TV6 Investigates: Local schools with no air conditioning change schedule

Published: Aug. 24, 2021 at 8:53 PM CDT
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TIPTON, Iowa (KWQC) - Temperatures are sweltering and some schools in our area are not equipped to deal with it.

Student in six different districts across Iowa and Illinois are sitting inside classrooms that have no air conditioning, and with the unusually high temperatures schools are forced to cut their hours.

“It’s really hot and I can’t really think much,” said Thomas Wiley, a senior at Tipton High School, which is releasing its students each day this week around 12:30 p.m.

It’s the same for Mercer Junior and Senior high schools. Both Durant and Wilton School Districts, which start on Wednesday, have announced that they will be releasing students at 1:15 on their first day of school.

Depending on the heat, all schools in the Rock Ridge District will also be releasing students each day at either 2:10 or 1:30 p.m. depending on the heat, and schools in the Amboy District will be letting kids out at 1:15 p.m.

Each classroom in Tipton high School has multiple fans going, with windows open to keep students cool. However, that’s not enough to combat rising temperatures.

“With high heat indexes getting up to over 100 [degrees], by 8:30 classrooms are sitting at 85 degrees,” said Superintendent Jason Wester.

Wester says there is a community bond discussion on September 14 that could potentially allow air conditioning to be installed, and the school desperately needs it.

“It really doesn’t make for an ideal learning environment,” added Wester.

HVAC installation can be extremely expensive. For the average home, which is a fraction of the size of a school, central air costs between 3 to 7 thousand dollars, according to HomeAdvisor.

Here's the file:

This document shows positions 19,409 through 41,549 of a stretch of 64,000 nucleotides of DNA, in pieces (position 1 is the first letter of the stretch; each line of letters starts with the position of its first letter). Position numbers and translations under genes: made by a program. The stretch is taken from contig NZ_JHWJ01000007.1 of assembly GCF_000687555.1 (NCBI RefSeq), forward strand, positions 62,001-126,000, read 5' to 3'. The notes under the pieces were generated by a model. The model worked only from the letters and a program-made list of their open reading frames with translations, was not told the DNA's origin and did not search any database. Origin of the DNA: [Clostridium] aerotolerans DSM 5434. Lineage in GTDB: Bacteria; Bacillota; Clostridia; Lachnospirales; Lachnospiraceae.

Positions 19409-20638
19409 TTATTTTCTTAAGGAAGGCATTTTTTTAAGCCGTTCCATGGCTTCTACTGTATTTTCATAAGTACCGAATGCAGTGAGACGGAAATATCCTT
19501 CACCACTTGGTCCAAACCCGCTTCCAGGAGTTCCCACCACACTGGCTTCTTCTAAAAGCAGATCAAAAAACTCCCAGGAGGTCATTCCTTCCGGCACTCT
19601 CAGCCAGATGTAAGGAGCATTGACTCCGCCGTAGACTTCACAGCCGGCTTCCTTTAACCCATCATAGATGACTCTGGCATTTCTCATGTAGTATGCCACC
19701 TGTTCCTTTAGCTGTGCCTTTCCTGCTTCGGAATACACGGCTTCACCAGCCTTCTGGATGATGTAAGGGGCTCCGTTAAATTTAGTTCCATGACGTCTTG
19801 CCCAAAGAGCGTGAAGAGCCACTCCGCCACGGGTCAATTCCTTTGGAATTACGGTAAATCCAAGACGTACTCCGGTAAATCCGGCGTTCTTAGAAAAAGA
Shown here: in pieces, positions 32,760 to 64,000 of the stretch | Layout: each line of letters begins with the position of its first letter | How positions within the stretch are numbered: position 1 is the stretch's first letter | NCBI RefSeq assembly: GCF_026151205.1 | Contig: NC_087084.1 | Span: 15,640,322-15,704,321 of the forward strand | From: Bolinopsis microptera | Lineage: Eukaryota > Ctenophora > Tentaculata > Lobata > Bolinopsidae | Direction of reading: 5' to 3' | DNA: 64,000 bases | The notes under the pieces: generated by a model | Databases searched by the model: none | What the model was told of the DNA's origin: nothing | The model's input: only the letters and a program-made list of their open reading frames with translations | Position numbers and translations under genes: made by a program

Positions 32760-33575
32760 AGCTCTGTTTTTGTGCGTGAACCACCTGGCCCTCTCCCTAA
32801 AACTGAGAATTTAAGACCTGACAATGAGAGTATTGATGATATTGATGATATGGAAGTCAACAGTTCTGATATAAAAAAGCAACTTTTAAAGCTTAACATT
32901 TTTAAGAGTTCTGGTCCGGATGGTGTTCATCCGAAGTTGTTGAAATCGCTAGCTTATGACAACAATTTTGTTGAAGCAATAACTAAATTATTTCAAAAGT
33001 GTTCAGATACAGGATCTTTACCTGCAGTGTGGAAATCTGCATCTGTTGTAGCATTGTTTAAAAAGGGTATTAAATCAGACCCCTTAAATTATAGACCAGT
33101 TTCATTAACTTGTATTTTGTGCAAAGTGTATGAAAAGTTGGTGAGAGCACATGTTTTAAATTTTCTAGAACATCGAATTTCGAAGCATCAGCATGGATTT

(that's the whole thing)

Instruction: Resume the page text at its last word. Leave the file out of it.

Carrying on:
School districts in rural areas, such as the Durant School District, do not have that kind of money to deal with. Superintendent Joe Burnett told TV6 over the phone that the district is well aware of the struggles that students face when indoor temperatures are high, and although they are about to get an assessment of their facilities, the district will need a bond for central air installation.

It is a similar deal for the Rockridge School District in Illinois. Superintendent Perry Miller stated in an email that their buildings are undergoing an assessment that will likely not be complete until July of 2022.

These solutions are long term, but there is an immediate problem. Social studies teacher Chad Rezac says he has been dealing with no air conditioning for 19 years and knows the learning is low when temperatures are high.

“You walk in, you see sweat run down the side of their faces,” said Rezac about his students during the first week of school, “you want to start getting into things, and the mindset just isn’t there when the temperature is at the level it is right now.”

Parents who have to arrange picking their kids up earlier in the day are just as frustrated as students, teachers and district officials.

Wallace Pearson, a grandparent of twins who go to Tipton High School, says the school’s lack in air conditioning happens every year.

“Whenever it gets hot here they have to let kids out and you lose a lot of education that way,” said Pearson.

According to a report by the U.S. Government Accountability Office, 41 percent of school districts nationwide, or around 36 thousand schools, do not have air conditioning, which multiple studies have shown tampers with learning.

“We know if you have air conditioning, or a cooler place, it’s better conducive to learning,” said Rezac.

“How can you study when you’re sitting in there,” said Pearson, “the teachers have a hard time right along with the students.”

According to a study by the Penn State Center for Education, ideal learning temperatures for subjects like math and reading are between 68 and 74 degrees. The National Bureau of Economic Research concluded that students lose an equivalent of two full days of learning when an non-air conditioned building gets as little as one degree over normal, which the Department of Energy states is 78 degrees.

“You really have to put things on hold,” said Rezac.

The Tipton School District says they urge their community to vote for part of the upcoming bond to go to the installation of central air. The difference, Superintendent Wester said, will be “night and day.”

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